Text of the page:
For more than a year now, fans of the literary James Bond have been told how William Boyd is the right man to do a new James Bond continuation novel.
For example, an APRIL 12, 2012 story in the U.K. newspaper the Telegraph had this passage:
Corinne Turner, managing director of Ian Fleming Publications Ltd, said: “William Boyd is a contemporary English writer whose classic novels combine literary elements with a broad appeal.
“His thrillers occupy the niche that Ian Fleming would fill were he writing today and with similar style and flair. This, alongside his fascination with Fleming himself, makes him the perfect choice to take Bond back to his 1960s world.” (emphasis added).
Apparently the author’s fascination with Ian Fleming himself didn’t extend to titles. Boyd said April 15 that his 007 novel will be called Solo. In a written statement, Boyd said that Solo is “also a great punchy word, instantly and internationally comprehensible, graphically alluring and, as an extra bonus, it’s strangely Bondian in the sense that we might be subliminally aware of the “00” of “007” lurking just behind those juxtaposed O’s of SOLO…”
Of course, many people who are fascinated with Ian Fleming know he used the very same title — but for a television series, not a novel. While Fleming left the heavy lifting to others (principally writer Sam Rolfe), there were title pages for scripts and presentation materials that said “Ian Fleming’s SOLO,” featuring a character named Napoleon Solo, co-created by Fleming and producer Norman Felton.
The series, of course, became The Man From U.N.C.L.E., which ran from September 1964 to January 1968. The reason it wasn’t called Solo was 1) Fleming, under pressure from 007 film producers Albert R. Broccoli and Harry Saltzman, pulled out of the TV project, selling his interest in the series for 1 British pound; 2) Broccoli and Saltzman unsuccessfully attempted to shut down production of the TV show, claiming their rights to Goldfinger (including a minor villain named Mr. Solo) had been violated but settling for the title being changed.
This is not an especially hard piece of information to find. Andrew Lycett, one of Fleming’s biographers, reminded his Twitter followers of the connection in a POSTING ON THE SOCIAL NETWORK SERVICE.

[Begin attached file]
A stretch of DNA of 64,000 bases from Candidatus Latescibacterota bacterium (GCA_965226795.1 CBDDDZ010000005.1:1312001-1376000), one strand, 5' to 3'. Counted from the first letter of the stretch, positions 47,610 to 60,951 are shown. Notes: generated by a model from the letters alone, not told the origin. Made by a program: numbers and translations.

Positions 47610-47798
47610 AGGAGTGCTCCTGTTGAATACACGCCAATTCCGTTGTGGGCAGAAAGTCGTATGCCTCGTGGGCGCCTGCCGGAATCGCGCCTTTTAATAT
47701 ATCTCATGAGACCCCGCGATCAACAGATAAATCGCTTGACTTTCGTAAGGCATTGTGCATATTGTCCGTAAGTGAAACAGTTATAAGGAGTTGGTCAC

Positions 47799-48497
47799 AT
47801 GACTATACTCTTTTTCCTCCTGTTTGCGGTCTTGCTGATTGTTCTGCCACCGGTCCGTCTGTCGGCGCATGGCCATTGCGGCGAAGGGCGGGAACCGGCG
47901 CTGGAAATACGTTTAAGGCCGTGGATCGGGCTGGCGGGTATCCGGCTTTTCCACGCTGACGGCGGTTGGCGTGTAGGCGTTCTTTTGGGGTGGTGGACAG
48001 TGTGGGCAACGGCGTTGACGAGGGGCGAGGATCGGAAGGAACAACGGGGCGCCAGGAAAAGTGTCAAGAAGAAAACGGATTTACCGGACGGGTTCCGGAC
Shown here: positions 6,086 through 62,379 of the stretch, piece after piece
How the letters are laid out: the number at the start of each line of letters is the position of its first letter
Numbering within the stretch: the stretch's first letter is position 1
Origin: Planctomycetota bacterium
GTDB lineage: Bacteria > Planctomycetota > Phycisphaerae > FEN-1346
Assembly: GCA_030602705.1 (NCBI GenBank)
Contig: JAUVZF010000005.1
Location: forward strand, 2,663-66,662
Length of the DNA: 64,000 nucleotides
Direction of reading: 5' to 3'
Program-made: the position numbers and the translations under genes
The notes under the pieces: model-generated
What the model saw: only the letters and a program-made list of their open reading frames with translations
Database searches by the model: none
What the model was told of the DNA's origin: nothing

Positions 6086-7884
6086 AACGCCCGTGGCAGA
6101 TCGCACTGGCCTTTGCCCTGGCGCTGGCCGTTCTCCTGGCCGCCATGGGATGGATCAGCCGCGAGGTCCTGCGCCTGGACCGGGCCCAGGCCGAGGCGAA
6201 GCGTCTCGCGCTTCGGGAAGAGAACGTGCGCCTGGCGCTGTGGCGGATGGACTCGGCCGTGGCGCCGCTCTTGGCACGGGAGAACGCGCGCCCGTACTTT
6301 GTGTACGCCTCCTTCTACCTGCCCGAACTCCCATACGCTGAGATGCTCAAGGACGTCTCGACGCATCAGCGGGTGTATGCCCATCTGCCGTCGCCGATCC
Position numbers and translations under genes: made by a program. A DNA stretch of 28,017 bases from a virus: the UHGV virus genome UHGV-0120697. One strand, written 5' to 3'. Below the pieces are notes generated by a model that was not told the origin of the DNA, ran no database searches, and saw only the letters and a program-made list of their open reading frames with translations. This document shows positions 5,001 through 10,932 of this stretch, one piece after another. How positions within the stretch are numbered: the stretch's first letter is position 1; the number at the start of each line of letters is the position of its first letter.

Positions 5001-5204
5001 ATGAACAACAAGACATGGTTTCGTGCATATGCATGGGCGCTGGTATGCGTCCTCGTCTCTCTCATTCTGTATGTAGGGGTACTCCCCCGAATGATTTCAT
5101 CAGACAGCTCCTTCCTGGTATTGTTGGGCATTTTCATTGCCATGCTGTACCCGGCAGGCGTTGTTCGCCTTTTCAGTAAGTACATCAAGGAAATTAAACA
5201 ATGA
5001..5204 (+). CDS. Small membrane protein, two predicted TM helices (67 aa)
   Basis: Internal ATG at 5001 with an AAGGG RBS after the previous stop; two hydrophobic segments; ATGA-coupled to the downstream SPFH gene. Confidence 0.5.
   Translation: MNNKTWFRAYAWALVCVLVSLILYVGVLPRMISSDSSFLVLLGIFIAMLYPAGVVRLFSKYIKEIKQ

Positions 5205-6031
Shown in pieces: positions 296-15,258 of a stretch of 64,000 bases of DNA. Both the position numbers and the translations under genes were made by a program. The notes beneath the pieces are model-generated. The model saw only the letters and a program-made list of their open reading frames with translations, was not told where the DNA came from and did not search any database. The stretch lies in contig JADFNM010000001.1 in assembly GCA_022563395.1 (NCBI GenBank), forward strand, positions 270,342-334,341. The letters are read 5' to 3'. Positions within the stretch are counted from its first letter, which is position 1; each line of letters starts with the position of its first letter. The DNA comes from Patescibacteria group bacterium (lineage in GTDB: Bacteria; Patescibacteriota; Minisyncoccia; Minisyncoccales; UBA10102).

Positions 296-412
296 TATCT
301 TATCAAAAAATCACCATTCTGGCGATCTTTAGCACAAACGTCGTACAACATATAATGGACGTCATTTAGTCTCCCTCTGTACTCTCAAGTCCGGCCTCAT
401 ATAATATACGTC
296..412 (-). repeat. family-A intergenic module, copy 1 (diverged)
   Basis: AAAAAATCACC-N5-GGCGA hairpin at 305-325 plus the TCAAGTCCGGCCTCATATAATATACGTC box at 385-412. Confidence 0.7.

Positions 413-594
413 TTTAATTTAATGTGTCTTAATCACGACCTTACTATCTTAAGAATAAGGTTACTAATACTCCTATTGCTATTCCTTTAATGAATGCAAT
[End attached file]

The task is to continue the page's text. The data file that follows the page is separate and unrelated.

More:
#IanFleming discussed Bond style tv series in US with producer Norman Felton, then backed out. Sold name Napoleon SOLO to Felton for £1.
Apparently, Corinne Turner also forgot about Solo and Ian Fleming (or, for that matter, the Mr. Solo character in Goldfinger). Here’s a Turner quote from the official PRESS RELEASE (VIA THE BOOK BOND WEB SITE): “Ian Fleming had a great aptitude for naming his books and his Bond titles have become true classics. Solo is a simple yet striking title which fits perfectly alongside the other books in the Bond canon.”
Now you might say, “Hey, The Man From U.N.C.L.E. hasn’t been broadcast for 45 years now.” True. “Hey, that’s just a footnote in Ian Fleming’s career.” Not really. Fleming was involved with the TV show from October 1962 to June 1963. It wasn’t just a passing fancy. He was seriously interested for a time. More importantly, it’s not just the name of an old television series. It was the name of an old television series that Ian Fleming was a participant. Some people might even find that fascinating.
Filed under: James Bond Books, James Bond Films, The Other Spies Tagged: | Albert R. Broccoli, Ian Fleming, James Bond Books, James Bond Films, Norman Felton, Sam Rolfe, The Man From U.N.C.L.E, The Other Spies, TV spy shows, William Boyd, William Boyd's 007 novel to be titled Solo